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CH19sguide - 19 TheCostofCapital forForeignProducts...

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Chapter Objectives 1. To explain how to compute the weighted average cost of capital and its component costs of capital 2. To discuss how corporate and country characteristics influence the cost of capital for foreign projects. 3. To analyze a company's optimum capital structure and identify key factors involved in establishing a company's worldwide capital structure. 4 To describe the relationship between the marginal cost of capital and foreign investment analysis. 5. To compare the cost of capital across major countries. 6. To discuss the capital structure across major countries. Chapter Outline I. The Weighted Average Cost of Capital A. The weighted average cost of capital (WACC) is a weighted average of the components costs: the cost of debt, the cost of preferred stock, and the cost of equity. B. The WACC is normally used as the firm’s cost of capital for the following reasons: The Cost of Capital for Foreign Projects     1 19 The Cost of Capital  for Foreign Products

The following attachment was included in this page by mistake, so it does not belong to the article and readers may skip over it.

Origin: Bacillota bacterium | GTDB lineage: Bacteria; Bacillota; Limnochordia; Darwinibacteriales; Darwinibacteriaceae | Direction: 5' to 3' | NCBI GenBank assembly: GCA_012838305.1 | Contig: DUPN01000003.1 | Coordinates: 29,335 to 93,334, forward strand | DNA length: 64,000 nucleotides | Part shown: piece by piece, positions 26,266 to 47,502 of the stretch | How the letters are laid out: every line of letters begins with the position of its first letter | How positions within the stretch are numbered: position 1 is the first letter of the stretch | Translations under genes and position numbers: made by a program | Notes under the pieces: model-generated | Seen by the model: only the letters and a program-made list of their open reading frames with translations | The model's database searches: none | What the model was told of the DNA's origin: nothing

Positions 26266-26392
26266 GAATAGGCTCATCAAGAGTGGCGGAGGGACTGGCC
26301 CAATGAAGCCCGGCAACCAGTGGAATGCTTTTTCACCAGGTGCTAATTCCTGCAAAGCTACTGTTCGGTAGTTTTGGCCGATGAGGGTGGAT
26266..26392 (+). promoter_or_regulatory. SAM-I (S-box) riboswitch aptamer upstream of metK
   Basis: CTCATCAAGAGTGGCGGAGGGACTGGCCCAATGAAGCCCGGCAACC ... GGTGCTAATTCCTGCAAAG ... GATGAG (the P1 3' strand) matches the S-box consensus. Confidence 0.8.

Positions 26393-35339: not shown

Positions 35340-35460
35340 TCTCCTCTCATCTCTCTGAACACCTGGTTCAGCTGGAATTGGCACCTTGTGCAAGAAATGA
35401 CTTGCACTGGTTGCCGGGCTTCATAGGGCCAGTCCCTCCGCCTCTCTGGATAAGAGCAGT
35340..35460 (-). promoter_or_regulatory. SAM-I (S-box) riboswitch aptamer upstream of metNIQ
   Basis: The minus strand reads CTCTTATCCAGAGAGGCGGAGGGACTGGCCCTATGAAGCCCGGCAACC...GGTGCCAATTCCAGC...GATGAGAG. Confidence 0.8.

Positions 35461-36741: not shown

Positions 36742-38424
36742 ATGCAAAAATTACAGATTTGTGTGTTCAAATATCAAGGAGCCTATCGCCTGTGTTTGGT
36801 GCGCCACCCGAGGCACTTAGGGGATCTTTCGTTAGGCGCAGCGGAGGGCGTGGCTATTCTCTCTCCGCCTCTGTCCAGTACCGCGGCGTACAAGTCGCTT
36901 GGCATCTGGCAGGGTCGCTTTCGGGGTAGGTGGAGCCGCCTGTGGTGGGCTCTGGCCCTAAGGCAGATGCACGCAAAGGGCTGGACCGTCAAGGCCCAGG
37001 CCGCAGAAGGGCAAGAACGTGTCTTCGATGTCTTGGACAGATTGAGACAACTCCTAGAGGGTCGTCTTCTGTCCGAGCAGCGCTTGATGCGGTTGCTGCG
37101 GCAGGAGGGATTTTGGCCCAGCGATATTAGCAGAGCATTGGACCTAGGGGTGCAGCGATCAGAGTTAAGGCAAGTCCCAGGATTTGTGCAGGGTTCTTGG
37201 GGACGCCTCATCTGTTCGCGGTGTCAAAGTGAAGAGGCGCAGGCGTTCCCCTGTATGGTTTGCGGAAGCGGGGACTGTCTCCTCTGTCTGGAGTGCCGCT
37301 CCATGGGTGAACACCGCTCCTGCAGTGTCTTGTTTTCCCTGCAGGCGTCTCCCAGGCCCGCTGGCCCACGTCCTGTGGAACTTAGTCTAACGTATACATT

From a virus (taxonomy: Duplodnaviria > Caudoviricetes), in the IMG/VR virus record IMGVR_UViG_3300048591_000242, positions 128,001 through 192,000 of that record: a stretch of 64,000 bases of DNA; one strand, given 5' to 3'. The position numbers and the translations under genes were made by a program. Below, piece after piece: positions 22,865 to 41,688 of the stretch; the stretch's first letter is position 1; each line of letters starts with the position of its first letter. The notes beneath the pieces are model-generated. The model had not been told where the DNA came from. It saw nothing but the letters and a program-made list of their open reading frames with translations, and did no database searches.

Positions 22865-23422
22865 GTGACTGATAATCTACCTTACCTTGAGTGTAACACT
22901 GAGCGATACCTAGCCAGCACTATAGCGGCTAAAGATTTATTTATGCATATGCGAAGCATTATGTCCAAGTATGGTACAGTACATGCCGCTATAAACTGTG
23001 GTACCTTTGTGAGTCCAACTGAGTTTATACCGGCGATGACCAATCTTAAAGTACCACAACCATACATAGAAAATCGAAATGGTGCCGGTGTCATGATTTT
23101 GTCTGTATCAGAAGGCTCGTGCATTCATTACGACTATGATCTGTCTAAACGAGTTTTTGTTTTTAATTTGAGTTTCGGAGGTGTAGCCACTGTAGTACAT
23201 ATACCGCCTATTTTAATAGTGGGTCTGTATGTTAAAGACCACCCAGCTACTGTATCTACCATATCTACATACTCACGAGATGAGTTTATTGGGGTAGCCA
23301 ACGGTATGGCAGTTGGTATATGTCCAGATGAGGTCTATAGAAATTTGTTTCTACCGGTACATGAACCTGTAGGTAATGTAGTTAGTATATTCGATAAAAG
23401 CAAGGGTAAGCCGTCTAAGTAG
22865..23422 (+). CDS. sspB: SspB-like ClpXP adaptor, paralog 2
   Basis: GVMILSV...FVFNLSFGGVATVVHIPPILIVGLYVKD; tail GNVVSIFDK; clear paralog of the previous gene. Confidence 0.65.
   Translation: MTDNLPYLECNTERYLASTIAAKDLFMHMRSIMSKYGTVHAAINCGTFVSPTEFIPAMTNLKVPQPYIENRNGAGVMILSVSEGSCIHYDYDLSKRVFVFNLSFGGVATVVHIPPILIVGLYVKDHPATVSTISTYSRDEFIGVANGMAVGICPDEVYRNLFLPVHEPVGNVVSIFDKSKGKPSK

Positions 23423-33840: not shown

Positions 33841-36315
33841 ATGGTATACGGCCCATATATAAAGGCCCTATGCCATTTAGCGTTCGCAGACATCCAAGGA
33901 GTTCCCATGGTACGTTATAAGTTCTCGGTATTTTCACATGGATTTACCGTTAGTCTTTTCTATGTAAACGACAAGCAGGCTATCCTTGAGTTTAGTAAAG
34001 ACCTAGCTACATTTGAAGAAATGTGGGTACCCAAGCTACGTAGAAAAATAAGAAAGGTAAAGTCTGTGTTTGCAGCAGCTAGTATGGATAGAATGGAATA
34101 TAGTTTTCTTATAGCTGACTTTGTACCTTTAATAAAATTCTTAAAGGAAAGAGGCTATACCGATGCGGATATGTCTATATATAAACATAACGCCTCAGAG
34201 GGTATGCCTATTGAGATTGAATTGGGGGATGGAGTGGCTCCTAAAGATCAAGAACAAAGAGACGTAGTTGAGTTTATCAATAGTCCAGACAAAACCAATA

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i. If a single component cost is used as a criterion for acceptance, projects with a low rate of return may be accepted while projects with a high rate of return may be rejected. ii. If a firm accepts projects that yield more than its WACC, it can increase the market value of its common stock. C. The formula for WACC is: ( 29 ( 29 t e k S B B k S B S k + + + = where k = WACC, k e = cost of equity, k t = after-tax cost of debt, B = market value of the firm’s debt, and S = market value of a firm’s equity. D. Cost of equity i. There is no measurable element for the cost of common equity because dividend declarations are made at the discretion of a firm’s board of directors. ii. The cost of equity for a firm is the minimum rate of return necessary to attract investors to buy or hold a firm’s common stock. 1. This required rate of return is the discount rate that equates the present value of all expected future dividends per share with the current price per share. iii. The formula for cost of equity is g P D k e + = 1 where D 1 = expected dividends per share to be paid at the end of one year, P = current market price per share, and g = annual dividend growth rate. iv. An alternative approach is the capital asset pricing model (CAPM). This can be used when a market is in equilibrium and, if this condition is met, the expected rate of return on an individual security (j) is states as follows: ( 29 j f m f j R R R R β - + = where R j = expected rate of return on security j, R f = riskless rate of interest, R m = expected rate of return on the market portfolio, and j β = systematic risk of security j. 1. This equation is known as the security market line and it consists of the riskless rate of interest (R f ) and a risk premium [(R m -R f ) j β ], for a particular firm J. 2. The term (R m – R f ) is known as the market risk premium.
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